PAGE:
Opioid addiction has increased by over 500% in the last seven years—there is hardly an American who doesn’t know someone who is addicted, who has been directly affected by opiate addiction, or who is addicted himself. In response to this epidemic, the CDC has enacted changes to the way doctors may administer and prescribe opiates. This has left many chronic pain patients frustrated and in fear of losing access to the medications that keep them functional.
In an exciting development, Regional Anesthesia and Pain Medicine published the first set of guidelines for the use of ketamine for treating pain—a framework for doctors and institutions, who should get it, and who should not. Ketamine infusions have emerged as a leading option for the treatment of both chronic and acute pain. Some chronic pain patients report a reduction in pain symptoms for up to six months post-infusion. The World Health Organization lists ketamine as an essential medicine, primarily for its analgesic qualities.
From CRPS to Lyme disease, migraine headaches, fibromyalgia, and more, ketamine infusions have proven to be one of the most effective chronic pain management options. For many of our patients who receive ketamine infusions for the treatment of CRPS and other chronic pain conditions, these infusions have been life-changing. After receiving ketamine infusions, many patients find their pain levels manageable enough that they can return to a more active and fulfilling lifestyle. And isn’t that the goal?
Ketamine has been around since the 60s. A popular battlefield anesthetic used liberally in the Vietnam war, ketamine has experienced something of a renaissance in recent years, emerging as a powerful treatment for depression, anxiety, psychiatric disorders, and various chronic pain conditions. It's renaissance in the realm of pain management is controversial, though—according to the National Pain Report and clinicians around the country—it should not be overlooked.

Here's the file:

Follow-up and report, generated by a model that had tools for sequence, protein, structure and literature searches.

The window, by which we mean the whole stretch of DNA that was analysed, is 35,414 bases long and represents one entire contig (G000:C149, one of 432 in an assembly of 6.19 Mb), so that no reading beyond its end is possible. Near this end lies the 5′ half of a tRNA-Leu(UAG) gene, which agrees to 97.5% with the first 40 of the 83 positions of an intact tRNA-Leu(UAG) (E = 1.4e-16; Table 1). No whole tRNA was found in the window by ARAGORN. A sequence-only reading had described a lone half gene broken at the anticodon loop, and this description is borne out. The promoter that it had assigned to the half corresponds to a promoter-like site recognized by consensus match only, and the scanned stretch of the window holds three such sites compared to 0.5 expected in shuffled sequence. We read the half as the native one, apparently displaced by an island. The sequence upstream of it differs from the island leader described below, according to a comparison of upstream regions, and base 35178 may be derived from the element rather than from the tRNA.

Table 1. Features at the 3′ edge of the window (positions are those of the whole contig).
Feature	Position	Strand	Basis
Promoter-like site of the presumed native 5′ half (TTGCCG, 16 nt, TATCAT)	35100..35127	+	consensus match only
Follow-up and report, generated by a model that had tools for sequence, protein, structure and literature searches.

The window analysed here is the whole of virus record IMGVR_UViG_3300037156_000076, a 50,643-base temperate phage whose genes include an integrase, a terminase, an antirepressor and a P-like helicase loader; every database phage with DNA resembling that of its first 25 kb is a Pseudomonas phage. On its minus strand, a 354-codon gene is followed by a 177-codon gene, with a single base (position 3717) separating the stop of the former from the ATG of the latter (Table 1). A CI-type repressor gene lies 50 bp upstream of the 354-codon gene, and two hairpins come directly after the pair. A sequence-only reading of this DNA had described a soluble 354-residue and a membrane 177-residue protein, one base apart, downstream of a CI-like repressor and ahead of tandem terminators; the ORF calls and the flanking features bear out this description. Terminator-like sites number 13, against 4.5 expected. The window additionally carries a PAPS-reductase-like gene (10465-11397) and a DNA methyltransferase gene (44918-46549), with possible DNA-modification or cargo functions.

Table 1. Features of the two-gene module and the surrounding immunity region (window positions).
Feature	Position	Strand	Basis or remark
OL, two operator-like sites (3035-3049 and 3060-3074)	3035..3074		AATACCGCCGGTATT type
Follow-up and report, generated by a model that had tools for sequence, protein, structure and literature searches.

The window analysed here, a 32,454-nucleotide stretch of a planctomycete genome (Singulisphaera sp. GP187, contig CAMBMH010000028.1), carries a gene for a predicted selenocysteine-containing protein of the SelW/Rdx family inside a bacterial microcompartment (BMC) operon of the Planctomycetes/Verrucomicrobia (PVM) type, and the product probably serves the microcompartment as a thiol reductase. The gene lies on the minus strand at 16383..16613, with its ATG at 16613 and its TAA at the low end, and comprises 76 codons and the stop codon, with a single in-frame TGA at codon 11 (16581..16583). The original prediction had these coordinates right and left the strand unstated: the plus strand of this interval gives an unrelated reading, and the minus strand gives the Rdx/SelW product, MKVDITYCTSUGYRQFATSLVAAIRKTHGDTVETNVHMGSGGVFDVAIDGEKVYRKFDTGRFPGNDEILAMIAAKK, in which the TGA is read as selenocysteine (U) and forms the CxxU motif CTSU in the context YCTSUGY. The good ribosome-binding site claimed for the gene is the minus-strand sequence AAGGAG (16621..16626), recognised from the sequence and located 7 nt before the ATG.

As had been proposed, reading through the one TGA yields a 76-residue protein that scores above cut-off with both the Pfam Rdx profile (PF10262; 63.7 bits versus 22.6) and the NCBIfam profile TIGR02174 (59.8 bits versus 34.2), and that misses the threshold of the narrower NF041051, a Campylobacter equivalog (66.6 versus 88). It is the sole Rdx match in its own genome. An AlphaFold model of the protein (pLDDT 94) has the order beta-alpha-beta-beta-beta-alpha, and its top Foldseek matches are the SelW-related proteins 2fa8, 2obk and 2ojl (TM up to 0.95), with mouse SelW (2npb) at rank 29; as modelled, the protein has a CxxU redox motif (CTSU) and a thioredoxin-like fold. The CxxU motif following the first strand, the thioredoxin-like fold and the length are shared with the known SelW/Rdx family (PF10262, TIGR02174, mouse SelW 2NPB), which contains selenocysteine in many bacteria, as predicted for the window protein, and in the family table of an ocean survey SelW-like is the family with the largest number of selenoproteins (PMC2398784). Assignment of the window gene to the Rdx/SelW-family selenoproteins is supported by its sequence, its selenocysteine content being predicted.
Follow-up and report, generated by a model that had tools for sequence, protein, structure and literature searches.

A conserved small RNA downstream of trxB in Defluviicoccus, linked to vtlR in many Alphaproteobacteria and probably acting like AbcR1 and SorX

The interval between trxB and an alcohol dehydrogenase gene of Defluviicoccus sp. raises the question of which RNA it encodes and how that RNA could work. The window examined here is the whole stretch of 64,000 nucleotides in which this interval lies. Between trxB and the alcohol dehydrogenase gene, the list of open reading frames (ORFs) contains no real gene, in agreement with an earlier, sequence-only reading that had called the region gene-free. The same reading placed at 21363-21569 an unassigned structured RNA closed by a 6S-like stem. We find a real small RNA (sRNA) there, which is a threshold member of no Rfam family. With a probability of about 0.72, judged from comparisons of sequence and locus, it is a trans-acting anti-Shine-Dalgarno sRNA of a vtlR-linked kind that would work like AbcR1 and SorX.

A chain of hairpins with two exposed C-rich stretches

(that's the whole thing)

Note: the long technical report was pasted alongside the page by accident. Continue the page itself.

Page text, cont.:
At Vitalitas Denver, we use ketamine to treat patients suffering from a wide range of chronic pain conditions. From CRPS and fibromyalgia to Lyme disease and more, ketamine is absolutely one of the most effective non-opioid pain management options available to those suffering from chronic pain. But there is another condition that we’ve been able to treat remarkably successfully through the administration of ketamine infusions: migraine headaches.
A difficult-to-diagnose bacterial infection caused by specific types of tick bites, Lyme disease – and, more specifically, chronic Lyme disease – is a debilitating condition that can leave patients with a worse quality of life than those suffering from such disorders as congestive heart failure, diabetes, multiple sclerosis and arthritis. The symptoms of Lyme are diverse: fatigue, trouble sleeping, joint and muscle pain, depression, cognitive impairment, neuropathy, and headaches are just a few of the manifestations. No matter how chronic Lyme disease presents itself, the impact is almost always devastating.
You may or may not be familiar with complex regional pain syndrome (CRPS). CRPS is a rare – and often misunderstood – chronic pain condition. Doctors and researchers don’t understand exactly how or why CRPS develops, though it generally occurs after an injury, surgery, stroke or heart attack, and results in pain that is far worse than that of the initial injury. Like most chronic pain conditions, CRPS can improve – and can even go into remission! Of course, early intervention is key to generating the most effective pain management results.
It’s estimated that 36 million people in the United States struggle with opiate addiction. More than 80% of these addictions started with a prescribed opiate painkiller. With the opioid crisis officially declared a National State of Emergency, it’s important to know what your non-narcotic pain management options are in order to prevent substance abuse and addiction issues for you or your loved ones.
Ketamine has made quite a few headlines as of late. Originally introduced as an emergency room and battlefield anesthetic in the 1970s, ketamine has recently been heralded by emergency physicians and chronic pain specialists for its ability to treat chronic pain, and by mental healthcare practitioners for its ability to change the lives of patients suffering from even the most severe, treatment-resistant cases of depression.